A national gun rights organization is demanding a federal investigation into possible gun law violations by NBC News and the Pennsylvania Attorney General’s office during the production of a “hidden camera” story about so-called “ghost guns” that aired March 17.
The Second Amendment Foundation has called for the investigation after AmmoLand News reporter John Crump wrote about the NBC story Friday.
Simultaneously, Lee Williams, who runs SAF’s Investigative Journalism Project, authored his own story at TheGunMag.com and circulated it to several other firearms news sites.
According to SAF and the published reports, NBC reporter Vaughn Hillyard carried a hidden camera into the Eagle Gun Show in Oaks, Penn. to purchase two Polymer 80 (P80) firearm kits from JSD Supply. Those kits are generically called “80 percenters” because they require some finishing work by the buyer for his/her personal use. The kits were subsequently taken to the Pennsylvania Attorney General’s office where they were finished, assembled and actually fired on camera.
Home-building of personal firearms is a tradition dating back centuries in this country, to the colonial period prior to the Revolutionary War.
In his article, Williams wrote, “NBC’s “Inside look at the rising ‘ghost gun’ market in the U.S.” is without a doubt the most unethical, factually bankrupt hit-piece I have ever seen. There is not even a close second. Its badness is unrivaled, without peer.”
Writing at AmmoLand, Crump stated, “The report talks about inaction in Congress surrounding unfinished frames, and now the Biden administration has tasked the ATF to come up with new rules…JSD Supply will be on the tip of the spear in that battle, which is why I believe NBC News did the hit piece in the first place.”
Crump is a frequent contributor to AmmoLand, writing about the firearms industry and related subjects. Williams launched the SAF Investigative Journalism Project last year, and his reports are published at TheGunMag.com and elsewhere.
SAF founder and Executive Vice President Alan Gottlieb has seen other “hidden camera” reports about gun shows. They all have an aura of “sting” in which the lines blur between straight reporting and editorializing, he indicated.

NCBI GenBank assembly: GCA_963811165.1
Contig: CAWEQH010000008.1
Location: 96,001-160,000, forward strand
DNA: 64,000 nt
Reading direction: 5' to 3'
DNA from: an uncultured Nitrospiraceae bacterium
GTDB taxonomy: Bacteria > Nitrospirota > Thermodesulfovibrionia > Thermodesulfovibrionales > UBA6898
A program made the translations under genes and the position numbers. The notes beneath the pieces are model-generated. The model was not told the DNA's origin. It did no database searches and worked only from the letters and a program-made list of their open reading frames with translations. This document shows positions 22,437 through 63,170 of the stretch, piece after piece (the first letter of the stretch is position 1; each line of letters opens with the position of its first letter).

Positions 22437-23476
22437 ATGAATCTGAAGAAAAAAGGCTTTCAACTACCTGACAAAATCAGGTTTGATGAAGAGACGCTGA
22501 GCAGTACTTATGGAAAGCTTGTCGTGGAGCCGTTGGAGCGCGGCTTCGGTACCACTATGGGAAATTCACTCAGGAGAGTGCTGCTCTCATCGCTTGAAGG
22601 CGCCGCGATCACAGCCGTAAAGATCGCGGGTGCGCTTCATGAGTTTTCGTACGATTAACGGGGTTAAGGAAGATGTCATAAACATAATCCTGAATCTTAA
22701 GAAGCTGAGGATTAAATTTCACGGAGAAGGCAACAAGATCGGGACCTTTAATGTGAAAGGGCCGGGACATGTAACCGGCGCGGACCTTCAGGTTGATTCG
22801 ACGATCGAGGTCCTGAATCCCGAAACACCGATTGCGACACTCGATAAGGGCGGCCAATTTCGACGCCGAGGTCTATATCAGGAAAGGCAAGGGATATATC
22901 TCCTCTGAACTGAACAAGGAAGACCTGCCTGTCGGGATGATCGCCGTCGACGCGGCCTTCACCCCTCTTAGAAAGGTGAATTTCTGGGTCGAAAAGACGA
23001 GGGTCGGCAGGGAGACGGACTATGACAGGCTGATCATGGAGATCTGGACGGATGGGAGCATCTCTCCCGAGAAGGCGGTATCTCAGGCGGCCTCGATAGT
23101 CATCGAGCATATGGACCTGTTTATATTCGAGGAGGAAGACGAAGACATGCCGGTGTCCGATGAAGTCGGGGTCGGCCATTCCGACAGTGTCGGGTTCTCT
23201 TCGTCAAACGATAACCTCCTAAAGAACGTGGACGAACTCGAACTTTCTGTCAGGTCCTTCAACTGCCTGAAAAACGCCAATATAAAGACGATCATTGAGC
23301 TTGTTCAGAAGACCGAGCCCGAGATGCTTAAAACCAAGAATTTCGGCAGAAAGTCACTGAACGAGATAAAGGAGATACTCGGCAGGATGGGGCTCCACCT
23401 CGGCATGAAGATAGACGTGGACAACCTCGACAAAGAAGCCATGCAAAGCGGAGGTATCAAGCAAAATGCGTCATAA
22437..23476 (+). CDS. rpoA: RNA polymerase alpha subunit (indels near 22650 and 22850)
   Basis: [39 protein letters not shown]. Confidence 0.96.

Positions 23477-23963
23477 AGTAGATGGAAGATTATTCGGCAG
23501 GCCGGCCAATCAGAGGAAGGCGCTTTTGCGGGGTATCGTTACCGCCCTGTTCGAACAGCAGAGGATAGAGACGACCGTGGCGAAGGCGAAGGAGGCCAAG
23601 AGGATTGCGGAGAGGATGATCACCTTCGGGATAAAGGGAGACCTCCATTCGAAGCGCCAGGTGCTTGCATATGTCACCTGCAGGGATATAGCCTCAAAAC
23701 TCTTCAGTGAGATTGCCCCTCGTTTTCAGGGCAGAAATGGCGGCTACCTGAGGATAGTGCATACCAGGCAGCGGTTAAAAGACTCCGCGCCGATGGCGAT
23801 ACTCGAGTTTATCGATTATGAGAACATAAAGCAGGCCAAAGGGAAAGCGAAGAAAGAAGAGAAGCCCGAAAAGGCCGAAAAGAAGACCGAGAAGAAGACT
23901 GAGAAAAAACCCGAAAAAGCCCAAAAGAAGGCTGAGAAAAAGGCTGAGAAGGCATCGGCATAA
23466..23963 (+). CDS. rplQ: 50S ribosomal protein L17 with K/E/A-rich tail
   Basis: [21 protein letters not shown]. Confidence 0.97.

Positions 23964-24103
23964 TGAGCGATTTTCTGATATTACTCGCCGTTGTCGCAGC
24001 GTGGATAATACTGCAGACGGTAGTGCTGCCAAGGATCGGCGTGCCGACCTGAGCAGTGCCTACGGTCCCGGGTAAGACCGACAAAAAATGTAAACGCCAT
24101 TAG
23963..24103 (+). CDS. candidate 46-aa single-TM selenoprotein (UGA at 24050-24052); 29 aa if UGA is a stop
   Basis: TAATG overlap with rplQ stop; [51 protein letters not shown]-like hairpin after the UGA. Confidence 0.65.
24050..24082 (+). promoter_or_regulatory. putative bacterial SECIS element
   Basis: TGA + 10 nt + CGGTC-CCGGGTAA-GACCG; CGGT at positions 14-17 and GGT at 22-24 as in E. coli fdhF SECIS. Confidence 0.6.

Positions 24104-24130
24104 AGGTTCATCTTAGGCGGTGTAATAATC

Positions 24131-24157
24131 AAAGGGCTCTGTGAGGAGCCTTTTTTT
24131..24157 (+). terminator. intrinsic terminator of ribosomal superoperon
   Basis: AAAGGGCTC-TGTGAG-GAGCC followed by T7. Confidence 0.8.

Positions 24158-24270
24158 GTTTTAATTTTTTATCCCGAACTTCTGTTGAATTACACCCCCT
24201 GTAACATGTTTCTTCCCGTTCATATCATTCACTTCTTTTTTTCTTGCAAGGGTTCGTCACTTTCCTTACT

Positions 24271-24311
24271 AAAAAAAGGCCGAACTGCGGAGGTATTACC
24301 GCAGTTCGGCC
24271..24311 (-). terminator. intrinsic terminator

“This sort of sensationalism is designed to generate ratings and raise viewer alarms,” Gottlieb said Friday. “However, our alarms were raised because of the possible felonies that may have been committed by the reporter and the office of Pennsylvania Attorney General Josh Shapiro.
“You cannot violate federal gun laws to complain about gun laws and promote a gun control agenda, even as a working journalist,” Gottlieb continued. “We call on the Biden Justice Department to investigate possible violations of federal gun law, same as that agency would investigate any private citizen who had done the same thing. You don’t get a pass simply by working for NBC.”
According to Crump’s report, “The news crew transferred two complete ‘readily convertible’ kits out of the parts they purchased separately at the show. The Bureau of Alcohol, Tobacco, Firearms, and Explosives (ATF) previously viewed ‘buy, build, shoot’ kits as readily convertible and, therefore, a firearm.
“If the ATF still keeps to that definition,” Crump added, “Hillyard, an out-of-state resident, transferred two ‘readily convertible’ firearms (pistols) kits illegally to the Pennsylvania AG’s employees to complete. There is not an exception in the law for any AG’s ‘special agents,’ which means that the agents must obey all laws.”
The Biden administration has taken a decidedly anti-gun-rights course since before the inauguration. Whether the Justice Department will mount an investigation remains to be seen. So far, there has been no reaction from DOJ or NBC.